Report on ‘Reforms in UN Treaty Bodies and the European Court of Human Rights: Mutual Lessons?’
By Laura Létourneau-Tremblay, Researcher, MultiRights/PluriCourts and Claire Poppelwell-Scevak, Research Assistant, PluriCourts
The concluding conference of the MultiRights project took place 29 February – 1 March 2016 at the Faculty of Law of the University of Oslo. MultiRights is a 5-year project (2011-2016) concerned with the legitimacy of the human rights judiciary and its reform proposals. At this concluding conference the aim was to analyze and compare the reform processes of the UN treaty bodies and of the European Court of Human Rights (ECtHR), aiming to identify lessons across these processes
European Court of Human Rights
The opening of the conference by Professor Geir Ulfstein (co-director PluriCourts and MultiRights) was followed by a general presentation of the reform process of the ECtHR by Professor Başak Çali (Koç University) and Morten Ruud (Ministry of Justice, Norway) who looked at the reform of the ECtHR as a whole. The clear message from both presenters was that the reform proposals now need to address not just the Court but also the domestic structures within the member states. This is the new frontier of reform. Academics and bureaucrats alike should focus on how national parliaments can best implement the European Court’s jurisprudence, and how to enhance the efforts of the Committee of Ministers to help the Court.
Vit A Schorm (Ministry of Justice, Czech Republic) then continued this discussion with a more in-depth analysis on the procedure for selection of members and judges for the Court. He argued that we need a more in-depth analysis on the current system of selection. The existing structures such as the Convention itself may have to be amended to allow for a more transparent and fair selection. Dr Hans-Jörg Behrens (Ministry of Justice, Germany) stressed the need for the judiciary and its registry to be aware of its role and its limitations if it wishes to avoid fragmentation in the future. Dr Behrens argued that this awareness was the single most important factor to bolster the Court. Professor Martin Kuijer (VU University Amsterdam) then spoke of the recent strengthening of the subsidiarity principle an increase in dialogue between the Court and the domestic judiciaries. Despite great progress, much is left to be accomplished, and he highlighted the significance of judicial dialogue in supporting this reform.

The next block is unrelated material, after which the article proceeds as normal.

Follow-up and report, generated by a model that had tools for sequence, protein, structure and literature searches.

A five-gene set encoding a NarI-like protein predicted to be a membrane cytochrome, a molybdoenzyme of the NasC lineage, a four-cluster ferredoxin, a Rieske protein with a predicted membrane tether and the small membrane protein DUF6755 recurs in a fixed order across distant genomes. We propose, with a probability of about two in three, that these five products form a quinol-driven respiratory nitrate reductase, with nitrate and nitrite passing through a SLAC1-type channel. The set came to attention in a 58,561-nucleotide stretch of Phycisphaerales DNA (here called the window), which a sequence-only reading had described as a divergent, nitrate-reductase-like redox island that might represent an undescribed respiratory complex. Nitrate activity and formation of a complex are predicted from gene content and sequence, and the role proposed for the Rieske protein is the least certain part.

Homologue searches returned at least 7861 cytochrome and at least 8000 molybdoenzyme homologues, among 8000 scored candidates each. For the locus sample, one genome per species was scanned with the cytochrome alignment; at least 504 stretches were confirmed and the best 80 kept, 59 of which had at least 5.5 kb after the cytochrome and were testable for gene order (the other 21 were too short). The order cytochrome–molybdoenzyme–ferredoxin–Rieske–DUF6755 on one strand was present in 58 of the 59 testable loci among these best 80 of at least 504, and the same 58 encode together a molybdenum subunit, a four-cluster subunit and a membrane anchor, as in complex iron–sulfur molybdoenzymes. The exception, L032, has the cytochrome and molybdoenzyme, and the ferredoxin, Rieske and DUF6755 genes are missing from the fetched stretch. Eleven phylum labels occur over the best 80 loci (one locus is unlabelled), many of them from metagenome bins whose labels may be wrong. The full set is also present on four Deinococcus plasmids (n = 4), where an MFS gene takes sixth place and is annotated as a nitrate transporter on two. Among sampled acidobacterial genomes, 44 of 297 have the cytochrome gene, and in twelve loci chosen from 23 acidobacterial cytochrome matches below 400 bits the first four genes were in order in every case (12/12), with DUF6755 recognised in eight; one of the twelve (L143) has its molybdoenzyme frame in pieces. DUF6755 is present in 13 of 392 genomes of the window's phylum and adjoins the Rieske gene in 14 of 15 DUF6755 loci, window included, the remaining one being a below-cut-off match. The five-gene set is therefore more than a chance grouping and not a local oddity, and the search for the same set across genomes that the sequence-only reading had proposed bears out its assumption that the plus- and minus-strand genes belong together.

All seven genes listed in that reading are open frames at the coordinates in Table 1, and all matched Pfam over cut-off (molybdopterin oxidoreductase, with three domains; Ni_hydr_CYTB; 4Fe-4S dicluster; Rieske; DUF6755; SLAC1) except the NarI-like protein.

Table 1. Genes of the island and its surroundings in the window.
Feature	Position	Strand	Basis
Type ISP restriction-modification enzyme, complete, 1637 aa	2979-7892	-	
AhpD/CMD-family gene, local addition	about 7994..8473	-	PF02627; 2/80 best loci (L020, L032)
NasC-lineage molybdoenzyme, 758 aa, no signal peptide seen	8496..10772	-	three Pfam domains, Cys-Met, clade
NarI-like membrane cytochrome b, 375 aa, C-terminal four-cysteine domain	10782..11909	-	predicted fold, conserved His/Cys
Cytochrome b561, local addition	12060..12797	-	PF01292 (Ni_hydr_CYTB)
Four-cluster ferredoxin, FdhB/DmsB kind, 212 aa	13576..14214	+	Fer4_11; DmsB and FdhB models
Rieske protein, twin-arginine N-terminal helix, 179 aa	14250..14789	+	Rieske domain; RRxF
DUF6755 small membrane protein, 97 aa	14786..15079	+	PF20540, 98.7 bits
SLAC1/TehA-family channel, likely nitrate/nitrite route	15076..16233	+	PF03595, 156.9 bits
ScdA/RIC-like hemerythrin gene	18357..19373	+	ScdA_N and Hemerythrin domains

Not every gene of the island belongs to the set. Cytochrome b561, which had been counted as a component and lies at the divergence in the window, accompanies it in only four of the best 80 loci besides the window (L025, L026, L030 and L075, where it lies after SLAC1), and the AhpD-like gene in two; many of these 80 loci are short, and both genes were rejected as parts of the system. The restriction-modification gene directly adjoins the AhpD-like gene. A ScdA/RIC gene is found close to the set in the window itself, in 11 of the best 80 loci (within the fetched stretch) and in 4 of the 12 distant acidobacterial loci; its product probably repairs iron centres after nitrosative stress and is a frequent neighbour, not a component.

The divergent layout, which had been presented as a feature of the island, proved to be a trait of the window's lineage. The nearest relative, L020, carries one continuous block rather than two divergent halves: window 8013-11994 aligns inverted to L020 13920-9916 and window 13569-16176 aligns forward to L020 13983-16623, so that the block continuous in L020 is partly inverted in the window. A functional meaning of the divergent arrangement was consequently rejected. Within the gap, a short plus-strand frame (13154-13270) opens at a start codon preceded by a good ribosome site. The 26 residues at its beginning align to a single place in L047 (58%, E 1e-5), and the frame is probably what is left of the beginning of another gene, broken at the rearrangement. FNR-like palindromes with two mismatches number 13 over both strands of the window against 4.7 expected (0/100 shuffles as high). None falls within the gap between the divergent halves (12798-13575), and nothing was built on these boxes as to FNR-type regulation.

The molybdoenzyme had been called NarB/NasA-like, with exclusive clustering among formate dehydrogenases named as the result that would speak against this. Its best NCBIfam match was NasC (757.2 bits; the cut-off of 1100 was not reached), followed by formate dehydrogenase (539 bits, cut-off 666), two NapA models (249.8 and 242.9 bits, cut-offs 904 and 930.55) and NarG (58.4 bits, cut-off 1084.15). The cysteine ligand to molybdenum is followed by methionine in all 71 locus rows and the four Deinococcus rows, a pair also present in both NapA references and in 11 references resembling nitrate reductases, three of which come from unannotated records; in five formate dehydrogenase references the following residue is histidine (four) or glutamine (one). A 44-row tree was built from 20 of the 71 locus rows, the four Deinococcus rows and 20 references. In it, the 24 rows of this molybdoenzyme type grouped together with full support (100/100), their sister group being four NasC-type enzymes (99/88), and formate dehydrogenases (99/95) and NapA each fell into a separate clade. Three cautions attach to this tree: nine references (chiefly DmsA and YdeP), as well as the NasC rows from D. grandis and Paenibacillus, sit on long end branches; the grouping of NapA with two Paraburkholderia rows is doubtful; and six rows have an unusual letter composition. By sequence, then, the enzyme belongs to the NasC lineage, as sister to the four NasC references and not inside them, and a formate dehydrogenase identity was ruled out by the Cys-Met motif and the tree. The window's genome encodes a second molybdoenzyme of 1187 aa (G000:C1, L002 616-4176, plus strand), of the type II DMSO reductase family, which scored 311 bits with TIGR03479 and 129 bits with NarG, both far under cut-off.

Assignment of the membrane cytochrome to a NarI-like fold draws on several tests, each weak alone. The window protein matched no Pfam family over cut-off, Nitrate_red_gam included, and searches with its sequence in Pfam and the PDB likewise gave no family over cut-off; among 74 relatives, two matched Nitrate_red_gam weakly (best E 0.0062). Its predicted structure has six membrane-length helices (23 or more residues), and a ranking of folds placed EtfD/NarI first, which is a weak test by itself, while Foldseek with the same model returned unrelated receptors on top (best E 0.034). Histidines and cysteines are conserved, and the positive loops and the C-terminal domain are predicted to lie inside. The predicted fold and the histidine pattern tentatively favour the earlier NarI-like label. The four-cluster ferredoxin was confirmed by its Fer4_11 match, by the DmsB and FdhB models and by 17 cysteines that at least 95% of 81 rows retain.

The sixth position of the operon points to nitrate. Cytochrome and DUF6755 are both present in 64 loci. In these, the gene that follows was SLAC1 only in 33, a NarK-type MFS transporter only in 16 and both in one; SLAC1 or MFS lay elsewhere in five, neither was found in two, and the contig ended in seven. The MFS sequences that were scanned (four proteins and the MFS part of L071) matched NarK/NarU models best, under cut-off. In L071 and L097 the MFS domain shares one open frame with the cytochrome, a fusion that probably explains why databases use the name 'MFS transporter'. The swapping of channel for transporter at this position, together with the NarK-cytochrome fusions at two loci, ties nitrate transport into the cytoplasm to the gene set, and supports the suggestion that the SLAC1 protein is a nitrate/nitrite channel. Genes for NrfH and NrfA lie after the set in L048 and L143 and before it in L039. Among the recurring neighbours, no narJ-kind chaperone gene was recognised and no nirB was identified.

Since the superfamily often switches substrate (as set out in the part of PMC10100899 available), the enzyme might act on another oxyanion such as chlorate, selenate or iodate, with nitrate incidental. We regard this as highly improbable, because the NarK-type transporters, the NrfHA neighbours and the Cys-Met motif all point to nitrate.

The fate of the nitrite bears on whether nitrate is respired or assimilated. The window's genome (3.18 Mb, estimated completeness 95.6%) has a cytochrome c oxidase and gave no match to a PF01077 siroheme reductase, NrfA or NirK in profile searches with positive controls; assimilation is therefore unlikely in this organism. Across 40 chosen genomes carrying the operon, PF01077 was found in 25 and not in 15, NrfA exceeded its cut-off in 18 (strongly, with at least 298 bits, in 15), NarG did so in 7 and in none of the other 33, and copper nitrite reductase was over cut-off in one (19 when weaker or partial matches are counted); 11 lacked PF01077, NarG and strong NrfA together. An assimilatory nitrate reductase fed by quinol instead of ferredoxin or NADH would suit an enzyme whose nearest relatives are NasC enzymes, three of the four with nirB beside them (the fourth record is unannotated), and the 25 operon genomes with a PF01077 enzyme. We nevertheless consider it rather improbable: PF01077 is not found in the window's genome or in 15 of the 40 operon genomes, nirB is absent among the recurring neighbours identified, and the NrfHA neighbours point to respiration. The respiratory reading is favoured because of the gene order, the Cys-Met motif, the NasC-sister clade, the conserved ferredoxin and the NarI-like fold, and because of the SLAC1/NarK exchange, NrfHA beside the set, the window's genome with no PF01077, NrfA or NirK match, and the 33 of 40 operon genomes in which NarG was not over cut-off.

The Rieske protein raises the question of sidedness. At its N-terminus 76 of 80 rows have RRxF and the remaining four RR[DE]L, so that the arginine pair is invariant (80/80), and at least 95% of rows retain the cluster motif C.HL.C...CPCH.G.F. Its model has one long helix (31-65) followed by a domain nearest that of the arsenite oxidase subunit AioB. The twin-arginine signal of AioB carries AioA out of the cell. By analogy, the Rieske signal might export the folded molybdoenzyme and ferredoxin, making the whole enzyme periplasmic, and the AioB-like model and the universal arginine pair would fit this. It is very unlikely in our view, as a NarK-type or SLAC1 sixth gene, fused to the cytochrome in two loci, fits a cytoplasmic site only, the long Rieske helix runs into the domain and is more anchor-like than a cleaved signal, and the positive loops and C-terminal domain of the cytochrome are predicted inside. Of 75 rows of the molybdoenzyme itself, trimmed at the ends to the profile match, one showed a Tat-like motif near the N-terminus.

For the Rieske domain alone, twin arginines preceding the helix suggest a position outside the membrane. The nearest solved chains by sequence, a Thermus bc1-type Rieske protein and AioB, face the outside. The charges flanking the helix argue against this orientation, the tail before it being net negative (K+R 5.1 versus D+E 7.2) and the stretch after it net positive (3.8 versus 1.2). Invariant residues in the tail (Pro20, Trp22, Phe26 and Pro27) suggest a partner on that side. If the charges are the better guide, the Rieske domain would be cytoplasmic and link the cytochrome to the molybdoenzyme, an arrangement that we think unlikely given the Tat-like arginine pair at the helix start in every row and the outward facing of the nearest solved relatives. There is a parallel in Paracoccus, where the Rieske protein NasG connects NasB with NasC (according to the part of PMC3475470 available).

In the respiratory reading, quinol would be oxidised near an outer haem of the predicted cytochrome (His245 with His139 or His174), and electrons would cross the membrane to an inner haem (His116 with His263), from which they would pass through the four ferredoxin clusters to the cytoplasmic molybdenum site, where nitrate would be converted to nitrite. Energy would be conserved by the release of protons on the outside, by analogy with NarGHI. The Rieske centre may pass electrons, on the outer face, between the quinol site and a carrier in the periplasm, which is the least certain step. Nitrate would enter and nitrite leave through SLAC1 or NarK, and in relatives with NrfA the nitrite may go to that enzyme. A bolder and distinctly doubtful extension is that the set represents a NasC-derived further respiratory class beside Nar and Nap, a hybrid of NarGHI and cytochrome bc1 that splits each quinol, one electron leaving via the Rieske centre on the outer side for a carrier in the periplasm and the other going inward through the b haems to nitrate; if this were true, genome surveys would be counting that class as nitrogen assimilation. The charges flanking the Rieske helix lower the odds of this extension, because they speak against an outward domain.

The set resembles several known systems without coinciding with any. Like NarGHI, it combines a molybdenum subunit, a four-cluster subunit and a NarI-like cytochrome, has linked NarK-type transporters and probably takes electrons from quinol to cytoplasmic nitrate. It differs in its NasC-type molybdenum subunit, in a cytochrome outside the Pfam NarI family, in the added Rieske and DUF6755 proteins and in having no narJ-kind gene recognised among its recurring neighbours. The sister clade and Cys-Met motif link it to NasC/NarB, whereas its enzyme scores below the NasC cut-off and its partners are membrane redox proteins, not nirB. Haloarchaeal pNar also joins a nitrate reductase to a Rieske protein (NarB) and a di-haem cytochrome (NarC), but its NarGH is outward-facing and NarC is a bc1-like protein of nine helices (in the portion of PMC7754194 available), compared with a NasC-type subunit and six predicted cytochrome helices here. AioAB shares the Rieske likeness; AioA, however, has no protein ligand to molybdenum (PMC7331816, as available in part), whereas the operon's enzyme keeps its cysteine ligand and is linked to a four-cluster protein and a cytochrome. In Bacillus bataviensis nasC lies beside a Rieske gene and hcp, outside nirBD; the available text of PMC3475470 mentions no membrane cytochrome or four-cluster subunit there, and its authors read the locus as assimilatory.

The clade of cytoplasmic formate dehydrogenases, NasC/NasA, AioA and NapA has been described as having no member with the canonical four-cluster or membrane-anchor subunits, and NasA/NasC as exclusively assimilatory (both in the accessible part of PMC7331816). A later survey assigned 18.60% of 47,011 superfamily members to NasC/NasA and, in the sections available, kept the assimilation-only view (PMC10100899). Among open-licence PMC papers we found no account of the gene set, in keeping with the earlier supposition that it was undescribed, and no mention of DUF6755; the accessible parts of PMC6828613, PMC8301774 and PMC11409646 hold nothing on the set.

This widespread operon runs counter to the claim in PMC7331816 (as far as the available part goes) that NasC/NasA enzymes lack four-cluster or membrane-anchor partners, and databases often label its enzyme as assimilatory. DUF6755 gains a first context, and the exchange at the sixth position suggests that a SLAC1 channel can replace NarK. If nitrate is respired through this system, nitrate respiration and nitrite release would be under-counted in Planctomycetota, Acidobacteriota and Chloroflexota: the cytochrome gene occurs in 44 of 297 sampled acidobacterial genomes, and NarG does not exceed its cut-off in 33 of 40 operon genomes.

UN Treaty Bodies
The conference then turned to the reformation of the UN treaty bodies. Petter Wille (Norway’s National Institution for Human Rights) started the panel with a general overview on what has been achieved so far and which areas in particular need to be addressed for further improvement. Wille concluded that the UN treaty body system as it currently stands can be sustained on the resources it has for the short term. However, more needs to be done, including greater transparency and state involvement for it to last more than a generation. A challenge of transparency is that this isn’t always done in practice. Sir Nigel Rodley (University of Essex) illustrated this in his presentation on how members are chosen by their state for these treaty bodies. Sometimes the positions are not advertised externally, so many qualified applicants are unaware of these positions.
Professor Martin Scheinin (European University Institute) suggested reforms that he argued are necessary for the treaty body system to work. He noted that other human rights systems, such as the Inter-American Court of Human Rights (IACtHR) and the International Criminal Court, spend a considerably larger amount more than the UN treaty body system as a whole. In addition to the financial aspect, the organisation and administration of these bodies - in general - need reform. Scheinin suggested that treaty bodies should be encouraged to do part of their work in parallel chambers (as is already done by the Committee on the Rights of the Child) and allow an extra week per year for a session to consider individual complaints. Scheinin stressed that by helping the UN treaty bodies in even a small way will give back ten-fold in addressing individual human rights complaints and bolstering the integrity of the international human rights system.